So Much Promise
A few weeks back I was watching a pretty good movie. It had a great plot involving a robbery gone bad. It began with a chase, fun dialog and, unfortunately for the robbers, death.
Curious as to why they would kill off all the stars so close to the beginning I was pleasantly surprised at the spin of the plot where their wives picked up the slack and finished the job.
For about 45 minutes the story ran a straight line. It was solid with the protagonist, the antagonist and the side characters committed to one goal.
In a nutshell it was super cool fun.
But just as I was about to place this in my favorite movie of the year category it all came crashing down and for the remaining hour and twenty minutes it turned into a shell of what it started out to be.
What caused the wheels to come off and turn a memorable storyline into a forgettable one?
Three Words: Too Many Subplots.
How Writers Mess Up
Subplots are important to every story. We need them. We write them. The reader wants them. We also need spices for our tasty dish. But what happens when you add too much garlic?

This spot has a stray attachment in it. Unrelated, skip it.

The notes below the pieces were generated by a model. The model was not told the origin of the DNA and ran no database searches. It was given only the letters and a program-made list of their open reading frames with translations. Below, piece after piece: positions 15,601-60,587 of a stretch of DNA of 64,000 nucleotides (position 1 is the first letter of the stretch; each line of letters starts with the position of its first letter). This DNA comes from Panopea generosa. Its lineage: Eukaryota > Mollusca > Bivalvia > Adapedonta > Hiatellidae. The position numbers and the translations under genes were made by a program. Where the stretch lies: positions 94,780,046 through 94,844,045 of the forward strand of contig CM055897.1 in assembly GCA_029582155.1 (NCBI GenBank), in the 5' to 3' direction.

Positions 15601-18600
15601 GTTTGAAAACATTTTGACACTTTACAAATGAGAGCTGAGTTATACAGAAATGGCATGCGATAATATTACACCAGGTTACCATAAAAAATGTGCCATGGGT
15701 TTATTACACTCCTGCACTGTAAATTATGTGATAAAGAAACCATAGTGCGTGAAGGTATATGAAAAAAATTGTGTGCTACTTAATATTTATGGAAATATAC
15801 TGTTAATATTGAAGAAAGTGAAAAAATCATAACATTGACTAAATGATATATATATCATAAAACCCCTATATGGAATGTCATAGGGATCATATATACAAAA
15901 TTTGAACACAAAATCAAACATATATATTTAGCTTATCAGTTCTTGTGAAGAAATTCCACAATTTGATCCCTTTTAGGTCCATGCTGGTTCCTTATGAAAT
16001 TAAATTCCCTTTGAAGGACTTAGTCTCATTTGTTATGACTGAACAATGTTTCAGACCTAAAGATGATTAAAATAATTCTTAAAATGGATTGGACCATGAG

You get the idea.
The movie in question began to add layers upon layers of subplots. So much so that it caused me to forget the actual plot. It was as though a new team of writers came in and ruined the original idea.
Remember the Audience
As a story teller we must constantly remind ourselves we are here to entertain not to hand down layers upon layers of messages.
I’m guilty of adding way to many subplots when I began a story but I’m fine with that. In fact I want to. But as the rewrites begin so do the killing of my darlings.
Anytime I watch a movie or read a book containing endless subplots I am always frustrated. Especially if I see potential.
I encourage all of us to toss our subplots against the wall and see which ones will stick. A writer who listens to their characters and follows the path of their story will choose the ones that work.
There has to be a balance and the focus of the plot has to be clear.
The last thing you want is a person like me turning away from an excellent beginning. We all know how disappointed one can be when seeing such a promise turn into a mountain of goo.